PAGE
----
Effects of Agriculture on Species and Habitats


Agricultural tile drain, Roberts Co., South Dakota

Throughout the Midwest, agricultural contaminants are present in wetlands and may be responsible in part for regional amphibian declines. A local factor contributing to elevated levels of contaminants in these wetlands is the presence of agricultural tile drains. These tile drains promote crop growth by removing excess water and salts from fields; however, it can also transport contaminants (e.g., pesticides, fertilizers, metals) directly into nearby wetlands at concentrations above benchmarks for the protection of aquatic life. Much of my dissertation aims to examine the effects of this tile drain effluent on water quality, wetland habitat quality, and wetland-dependent taxa (i.e., amphibians, aquatic invertebrates).

Interactive Effects of Multiple Stressors


Reference wetland in Minnehaha County, South Dakota

Due to increasing levels of anthropogenic disturbance, it is important to understand how these disturbances act as stressors. These anthropogenic disturbances such as habitat modification, contaminants, introduced species, and pathogens are all recognized as stressors that act on individuals and act in combination with natural stressors. The combinations of multiple stressors can have additive, synergistic, or antagonistic effects on organisms. Even if the effects of a particular stressor are known, it may be difficult to anticipate its effects when additional stressors are present. I am currently investigating the interactions of contaminants, habitat degradation, pathogens, and stress hormones in populations of larval Western Tiger Salamanders.

Amphibian Diseases


Plains Spadefoot (Spea bombifrons) tadpole infected with ranavirus

Emerging infectious diseases such as chytridiomycosis (caused by the fungus Batrachochytrium dendrobatidis) and ranavirosis are well-known factors which are contributing to global amphibian declines. I am interested in the both lethal and sub-lethal effects (i.e., behavioral changes, reduced growth, delayed development) of these pathogens on amphibians as well as the effects of infection on the stress hormone response of individuals. I am currently surveying for these pathogens in the Northern Great Plains, and am using both field-based and experimental studies to better understand their effects on amphibians. Additionally, I have expanded my involvement in efforts to screen amphibians for these pathogens in Oklahoma, West Virginia, and in southeast Asia.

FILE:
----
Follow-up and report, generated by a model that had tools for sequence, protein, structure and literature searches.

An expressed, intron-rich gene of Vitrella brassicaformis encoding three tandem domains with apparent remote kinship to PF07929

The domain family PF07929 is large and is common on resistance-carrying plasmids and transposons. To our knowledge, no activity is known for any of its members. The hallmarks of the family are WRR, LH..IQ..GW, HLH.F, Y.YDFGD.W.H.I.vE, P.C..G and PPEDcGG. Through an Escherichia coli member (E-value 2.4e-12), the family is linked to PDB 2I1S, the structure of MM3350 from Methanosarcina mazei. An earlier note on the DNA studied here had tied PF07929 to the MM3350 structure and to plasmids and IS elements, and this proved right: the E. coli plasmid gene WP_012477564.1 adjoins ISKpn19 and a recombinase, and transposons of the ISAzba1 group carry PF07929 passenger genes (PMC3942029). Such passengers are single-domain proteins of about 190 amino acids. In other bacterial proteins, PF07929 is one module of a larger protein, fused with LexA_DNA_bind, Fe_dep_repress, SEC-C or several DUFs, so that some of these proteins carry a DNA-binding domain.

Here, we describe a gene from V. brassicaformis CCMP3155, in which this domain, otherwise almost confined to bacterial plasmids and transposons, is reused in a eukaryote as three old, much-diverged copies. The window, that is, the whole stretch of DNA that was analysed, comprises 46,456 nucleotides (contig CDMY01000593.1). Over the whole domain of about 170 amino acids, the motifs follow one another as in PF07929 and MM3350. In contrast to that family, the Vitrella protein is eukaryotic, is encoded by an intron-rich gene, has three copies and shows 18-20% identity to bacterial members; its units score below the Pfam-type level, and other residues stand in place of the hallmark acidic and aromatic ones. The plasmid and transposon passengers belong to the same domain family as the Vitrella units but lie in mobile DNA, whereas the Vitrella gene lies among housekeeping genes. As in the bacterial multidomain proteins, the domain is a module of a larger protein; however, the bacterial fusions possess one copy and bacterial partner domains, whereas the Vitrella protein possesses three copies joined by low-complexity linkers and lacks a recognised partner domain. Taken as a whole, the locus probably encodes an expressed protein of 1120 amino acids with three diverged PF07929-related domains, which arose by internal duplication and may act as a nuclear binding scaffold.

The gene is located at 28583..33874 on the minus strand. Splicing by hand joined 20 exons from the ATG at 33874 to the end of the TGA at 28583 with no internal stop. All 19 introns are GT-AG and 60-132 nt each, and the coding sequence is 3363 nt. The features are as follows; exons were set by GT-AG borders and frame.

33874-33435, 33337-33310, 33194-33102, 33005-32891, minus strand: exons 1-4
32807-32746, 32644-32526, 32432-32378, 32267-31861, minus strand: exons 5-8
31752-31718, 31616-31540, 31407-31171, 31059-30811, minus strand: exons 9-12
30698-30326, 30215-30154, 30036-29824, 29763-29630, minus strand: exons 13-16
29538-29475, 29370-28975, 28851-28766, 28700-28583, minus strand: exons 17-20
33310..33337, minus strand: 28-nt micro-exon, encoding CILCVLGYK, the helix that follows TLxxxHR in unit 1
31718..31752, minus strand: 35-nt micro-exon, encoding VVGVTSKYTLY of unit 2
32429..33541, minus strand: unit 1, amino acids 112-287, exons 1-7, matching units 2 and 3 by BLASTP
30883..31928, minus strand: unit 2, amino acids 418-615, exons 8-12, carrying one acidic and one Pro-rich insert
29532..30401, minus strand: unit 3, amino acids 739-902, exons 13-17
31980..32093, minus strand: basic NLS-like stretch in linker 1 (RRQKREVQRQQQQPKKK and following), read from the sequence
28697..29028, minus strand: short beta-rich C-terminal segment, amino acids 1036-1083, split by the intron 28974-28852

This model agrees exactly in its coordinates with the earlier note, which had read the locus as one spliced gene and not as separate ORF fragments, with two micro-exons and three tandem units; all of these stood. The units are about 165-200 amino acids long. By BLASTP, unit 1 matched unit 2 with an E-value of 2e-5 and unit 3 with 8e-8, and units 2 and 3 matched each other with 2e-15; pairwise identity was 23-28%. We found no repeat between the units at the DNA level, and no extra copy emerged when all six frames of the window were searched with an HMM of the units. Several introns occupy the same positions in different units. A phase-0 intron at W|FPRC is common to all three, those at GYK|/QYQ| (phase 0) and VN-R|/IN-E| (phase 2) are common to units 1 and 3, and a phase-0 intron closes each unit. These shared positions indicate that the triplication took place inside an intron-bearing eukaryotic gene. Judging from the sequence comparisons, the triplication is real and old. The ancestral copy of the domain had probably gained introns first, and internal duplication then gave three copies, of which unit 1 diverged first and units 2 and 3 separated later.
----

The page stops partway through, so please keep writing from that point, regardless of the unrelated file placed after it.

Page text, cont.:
Stress Physiology


Collecting water-borne hormones from larval Western Tiger Salamanders (Ambystoma mavortium)

Both natural and anthropogenic stressors are known to affect stress hormone production in amphibians. Traditionally, hormones have been measured via plasma collection or whole-body assays, but alternatives such as urinary collection have been developed. For a portion of my thesis work, I helped to develop novel methods to collect water-borne hormones from small aquatic salamanders. I am interested in using these methods to assess stress in individuals from both experimental laboratory comparing individual responses to stressors, and field settings to compare population level responses to large-scale habitat disturbance. I am currently involved in projects examining the role of urbanization, agricultural development, predators, contaminants, and disease play in influencing stress hormone levels.

Predator-Prey Interactions


San Marcos Salamander (Eurycea nana)

Predation is a dominant element of ecological communities. The introduction of novel predatory fish into environments has been particularly problematic and has lead to significant declines in amphibian populations. I am broadly interested in how amphibians respond to novel predators and the sensory modalities mediating these interactions. Additionally, I am interested in the role of innate and learned predator recognition as well as predator generalization play in the recognition of novel predators. The majority of my work investigating these topics has involved fully-aquatic Eurycea salamanders of central Texas, most of which are highly endemic and are state and federally protected.

Mud Turtle ecology in the Chihuahuan desert